Full Set Of Historical "Foreign Control Watchdog" Now Available Online

Just when you were wondering what you are going to read during the holidays, we’ve come to the rescue, advising you of a fascinating treasure trove newly accessible online.

Thanks to Lynda Boyd, who has laboured long and hard to upload a complete set of historical issues Foreign Control Watchdog, covering the years 1974-99 (Watchdog went online that year and issues from 1999 onwards can be read at www.converge.org.nz/watchdog).

To access these oldies but goodies, just click on this link:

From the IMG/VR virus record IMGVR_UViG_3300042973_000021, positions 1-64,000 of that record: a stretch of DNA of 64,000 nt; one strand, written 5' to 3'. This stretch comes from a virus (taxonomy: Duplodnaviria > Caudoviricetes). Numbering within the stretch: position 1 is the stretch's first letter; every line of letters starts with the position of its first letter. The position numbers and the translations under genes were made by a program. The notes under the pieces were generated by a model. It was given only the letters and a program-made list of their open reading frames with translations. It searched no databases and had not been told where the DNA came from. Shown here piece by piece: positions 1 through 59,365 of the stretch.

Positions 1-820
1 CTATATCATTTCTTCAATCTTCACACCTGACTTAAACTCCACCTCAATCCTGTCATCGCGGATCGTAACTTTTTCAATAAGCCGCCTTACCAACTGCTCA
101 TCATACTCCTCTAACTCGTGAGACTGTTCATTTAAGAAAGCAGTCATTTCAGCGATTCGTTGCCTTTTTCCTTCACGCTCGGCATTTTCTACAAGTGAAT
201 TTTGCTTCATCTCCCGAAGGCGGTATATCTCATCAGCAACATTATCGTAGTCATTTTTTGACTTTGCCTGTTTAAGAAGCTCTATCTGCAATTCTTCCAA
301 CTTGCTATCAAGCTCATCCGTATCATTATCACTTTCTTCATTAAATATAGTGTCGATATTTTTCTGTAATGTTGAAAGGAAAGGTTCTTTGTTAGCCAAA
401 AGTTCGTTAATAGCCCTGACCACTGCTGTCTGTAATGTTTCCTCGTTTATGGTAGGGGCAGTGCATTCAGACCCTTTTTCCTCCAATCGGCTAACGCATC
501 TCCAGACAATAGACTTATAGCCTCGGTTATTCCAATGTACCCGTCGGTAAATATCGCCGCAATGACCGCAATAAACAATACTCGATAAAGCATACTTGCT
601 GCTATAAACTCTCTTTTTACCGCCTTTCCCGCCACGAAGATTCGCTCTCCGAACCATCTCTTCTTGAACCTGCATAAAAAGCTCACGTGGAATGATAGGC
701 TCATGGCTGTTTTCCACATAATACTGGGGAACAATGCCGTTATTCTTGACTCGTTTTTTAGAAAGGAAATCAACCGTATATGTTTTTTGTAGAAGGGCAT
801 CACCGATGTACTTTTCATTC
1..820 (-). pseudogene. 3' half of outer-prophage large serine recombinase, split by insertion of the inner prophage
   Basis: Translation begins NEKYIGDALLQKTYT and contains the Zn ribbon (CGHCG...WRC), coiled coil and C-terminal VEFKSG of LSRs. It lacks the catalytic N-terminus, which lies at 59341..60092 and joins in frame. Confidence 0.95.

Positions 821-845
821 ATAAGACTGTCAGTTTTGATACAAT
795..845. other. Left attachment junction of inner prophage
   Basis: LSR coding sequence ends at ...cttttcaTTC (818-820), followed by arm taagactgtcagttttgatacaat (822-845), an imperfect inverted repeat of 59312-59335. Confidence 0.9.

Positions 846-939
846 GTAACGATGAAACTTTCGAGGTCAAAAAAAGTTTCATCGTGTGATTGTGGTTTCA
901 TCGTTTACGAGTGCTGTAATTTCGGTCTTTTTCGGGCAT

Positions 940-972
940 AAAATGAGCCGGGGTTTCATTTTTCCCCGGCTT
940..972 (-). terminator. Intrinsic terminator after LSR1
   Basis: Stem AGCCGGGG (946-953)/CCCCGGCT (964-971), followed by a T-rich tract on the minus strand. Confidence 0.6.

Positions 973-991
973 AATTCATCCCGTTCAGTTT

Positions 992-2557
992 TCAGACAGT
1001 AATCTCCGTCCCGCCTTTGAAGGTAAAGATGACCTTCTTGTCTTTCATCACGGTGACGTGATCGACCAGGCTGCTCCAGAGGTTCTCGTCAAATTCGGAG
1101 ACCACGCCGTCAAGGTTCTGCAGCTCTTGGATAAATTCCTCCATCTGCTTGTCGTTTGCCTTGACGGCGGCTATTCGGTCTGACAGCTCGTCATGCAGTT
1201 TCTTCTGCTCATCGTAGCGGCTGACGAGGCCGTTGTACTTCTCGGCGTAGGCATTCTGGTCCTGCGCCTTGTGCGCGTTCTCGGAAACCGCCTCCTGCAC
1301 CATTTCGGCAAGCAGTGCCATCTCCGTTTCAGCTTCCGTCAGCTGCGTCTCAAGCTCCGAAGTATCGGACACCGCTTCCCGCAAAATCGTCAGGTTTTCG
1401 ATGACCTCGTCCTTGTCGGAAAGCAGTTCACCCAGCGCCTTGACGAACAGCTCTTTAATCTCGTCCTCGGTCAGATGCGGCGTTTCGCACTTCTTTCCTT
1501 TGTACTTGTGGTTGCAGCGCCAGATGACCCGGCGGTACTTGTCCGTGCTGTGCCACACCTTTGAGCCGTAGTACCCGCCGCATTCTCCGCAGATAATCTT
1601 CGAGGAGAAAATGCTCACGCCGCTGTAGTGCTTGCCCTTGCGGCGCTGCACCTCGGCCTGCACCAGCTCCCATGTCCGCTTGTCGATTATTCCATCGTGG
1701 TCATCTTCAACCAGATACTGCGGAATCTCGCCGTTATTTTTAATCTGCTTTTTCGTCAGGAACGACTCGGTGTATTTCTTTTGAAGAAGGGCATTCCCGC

The introduction includes instructions on how to use the site. One thing to bear in mind is that each old issue is a big document (even though we had the scans reduced in size), so be patient when waiting for the individual issues to download. One bonus is that, unlike the issues online at the actual Watchdog site, these old ones come complete with illustrations – such as there were in those days.

Readability quality varies, affected both by the scans having to be reduced to make the individual issues a manageable size, and their sheer age (the very first ones are classic old gestetenered newsletters).

The set is not yet quite complete – there are still three very old booklets to be uploaded (one being our famous Comalco comic) - but it’s complete enough for the world to be told about it.